Iranian hackers said to target U.S. presidential campaign
A deputy judge is calling for passage of clear laws on which innocent party should bear responsibility for financial losses related to cyberfraud. A woman uses her computer key board to type while surfing the internet in North Vancouver, B.C., Wednesday, Dec. 19, 2012. THE CANADIAN PRESS/Jonathan Hayward
Tami Abdollah, The Associated Press
Published Friday, October 4, 2019 1:50PM EDT
Last Updated Friday, October 4, 2019 1:51PM EDT
WASHINGTON -- Microsoft said Friday that hackers linked to the Iranian government targeted a U.S. presidential campaign, as well as government officials, media targets and prominent expatriate Iranians.
Overall, the hackers attempted to penetrate 241 accounts -- four successfully -- though none of those penetrated was associated with presidential campaigns or current or past U.S. officials, Microsoft said. A company spokeswoman declined to identify those targeted, citing customer privacy.
The announcement is the latest sign that foreign governments are looking for ways to potentially disrupt the 2020 presidential election. U.S. intelligence officials have sounded the alarm about the risks for months.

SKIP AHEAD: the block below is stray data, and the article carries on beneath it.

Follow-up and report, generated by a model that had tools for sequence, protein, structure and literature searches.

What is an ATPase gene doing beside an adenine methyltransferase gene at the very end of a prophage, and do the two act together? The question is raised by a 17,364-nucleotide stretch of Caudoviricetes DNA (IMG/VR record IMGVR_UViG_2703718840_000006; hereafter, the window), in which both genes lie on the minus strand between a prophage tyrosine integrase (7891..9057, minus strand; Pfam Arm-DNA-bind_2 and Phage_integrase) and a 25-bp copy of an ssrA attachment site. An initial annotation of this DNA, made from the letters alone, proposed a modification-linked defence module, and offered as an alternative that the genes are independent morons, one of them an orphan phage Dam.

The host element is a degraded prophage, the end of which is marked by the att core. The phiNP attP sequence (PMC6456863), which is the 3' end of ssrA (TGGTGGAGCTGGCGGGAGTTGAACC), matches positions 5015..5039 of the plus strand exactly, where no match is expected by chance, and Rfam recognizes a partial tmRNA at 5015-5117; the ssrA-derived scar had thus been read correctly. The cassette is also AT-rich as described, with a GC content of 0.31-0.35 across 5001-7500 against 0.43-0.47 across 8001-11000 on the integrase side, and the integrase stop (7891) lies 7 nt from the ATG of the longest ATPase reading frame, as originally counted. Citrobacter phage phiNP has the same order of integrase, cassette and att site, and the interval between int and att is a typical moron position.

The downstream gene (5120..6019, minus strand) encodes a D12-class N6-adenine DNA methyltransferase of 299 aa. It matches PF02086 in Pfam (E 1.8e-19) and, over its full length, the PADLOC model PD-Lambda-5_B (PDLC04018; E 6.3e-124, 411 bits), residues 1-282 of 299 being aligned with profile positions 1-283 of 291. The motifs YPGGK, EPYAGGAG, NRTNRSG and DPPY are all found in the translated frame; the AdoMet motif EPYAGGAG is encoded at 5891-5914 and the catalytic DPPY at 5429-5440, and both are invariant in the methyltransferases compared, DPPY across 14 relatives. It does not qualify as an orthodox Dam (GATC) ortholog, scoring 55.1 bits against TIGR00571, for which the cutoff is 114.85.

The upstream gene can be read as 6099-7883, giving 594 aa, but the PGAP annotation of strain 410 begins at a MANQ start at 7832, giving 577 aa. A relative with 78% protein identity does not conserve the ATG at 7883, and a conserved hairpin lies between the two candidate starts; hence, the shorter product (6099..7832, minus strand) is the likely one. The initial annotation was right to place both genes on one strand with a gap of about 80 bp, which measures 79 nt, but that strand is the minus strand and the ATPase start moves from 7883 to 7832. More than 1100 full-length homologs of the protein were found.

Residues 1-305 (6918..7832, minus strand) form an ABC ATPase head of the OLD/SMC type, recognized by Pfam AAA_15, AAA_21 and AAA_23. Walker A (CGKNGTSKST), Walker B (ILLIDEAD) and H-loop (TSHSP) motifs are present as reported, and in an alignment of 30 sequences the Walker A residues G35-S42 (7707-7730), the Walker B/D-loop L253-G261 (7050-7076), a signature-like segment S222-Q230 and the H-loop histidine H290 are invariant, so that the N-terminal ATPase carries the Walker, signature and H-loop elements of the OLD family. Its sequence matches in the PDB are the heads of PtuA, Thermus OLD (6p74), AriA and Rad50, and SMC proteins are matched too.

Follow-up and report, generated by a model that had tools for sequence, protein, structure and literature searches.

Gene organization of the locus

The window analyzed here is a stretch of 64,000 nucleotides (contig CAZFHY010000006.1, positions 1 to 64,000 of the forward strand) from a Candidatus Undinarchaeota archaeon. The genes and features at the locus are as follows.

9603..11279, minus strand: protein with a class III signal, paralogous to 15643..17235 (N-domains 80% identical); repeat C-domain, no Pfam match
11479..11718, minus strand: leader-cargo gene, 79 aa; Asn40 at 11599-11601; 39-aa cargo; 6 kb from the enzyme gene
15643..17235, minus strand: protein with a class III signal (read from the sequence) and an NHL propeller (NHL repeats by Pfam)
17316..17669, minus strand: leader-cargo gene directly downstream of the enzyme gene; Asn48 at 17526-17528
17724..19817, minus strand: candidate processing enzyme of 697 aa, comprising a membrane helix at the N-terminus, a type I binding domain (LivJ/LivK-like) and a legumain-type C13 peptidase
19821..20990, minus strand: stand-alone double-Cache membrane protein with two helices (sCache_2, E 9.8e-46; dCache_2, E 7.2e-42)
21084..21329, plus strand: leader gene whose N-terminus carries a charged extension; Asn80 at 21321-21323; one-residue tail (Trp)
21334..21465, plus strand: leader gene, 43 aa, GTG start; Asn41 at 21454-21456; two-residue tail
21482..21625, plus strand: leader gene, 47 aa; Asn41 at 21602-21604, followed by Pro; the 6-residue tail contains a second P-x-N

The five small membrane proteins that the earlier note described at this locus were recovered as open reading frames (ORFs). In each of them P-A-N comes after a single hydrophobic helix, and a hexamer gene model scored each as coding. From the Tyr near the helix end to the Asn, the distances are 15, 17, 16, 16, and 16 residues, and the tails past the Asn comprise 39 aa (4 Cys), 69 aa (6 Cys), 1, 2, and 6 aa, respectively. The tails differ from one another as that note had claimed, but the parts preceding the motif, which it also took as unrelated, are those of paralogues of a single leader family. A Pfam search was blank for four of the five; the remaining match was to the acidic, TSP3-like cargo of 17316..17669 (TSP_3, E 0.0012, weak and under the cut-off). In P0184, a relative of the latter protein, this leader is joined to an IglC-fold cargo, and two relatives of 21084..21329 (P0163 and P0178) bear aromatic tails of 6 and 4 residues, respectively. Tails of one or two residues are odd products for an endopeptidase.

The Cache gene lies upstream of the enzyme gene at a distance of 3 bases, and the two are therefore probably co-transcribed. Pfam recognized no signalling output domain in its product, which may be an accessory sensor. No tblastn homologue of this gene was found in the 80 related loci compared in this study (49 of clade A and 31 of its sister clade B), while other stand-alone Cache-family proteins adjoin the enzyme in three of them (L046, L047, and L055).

In a blogpost released Friday, Microsoft's Tom Burt, corporate vice-president for customer security and trust, said that owners of four accounts that were compromised by the hackers have been notified.
The attacks by a group Microsoft calls Phosphorous occurred during a 30-day period between August and September.
Burt said the Iranian hackers used password reset and account recovery features to try to take over accounts. For example, they gathered phone numbers belonging to targets to help with a password reset.
The hackers researched their targets, making more than 2,700 attempts to identify emails belonging to a specific Microsoft customer. A spokeswoman declined to provide more details.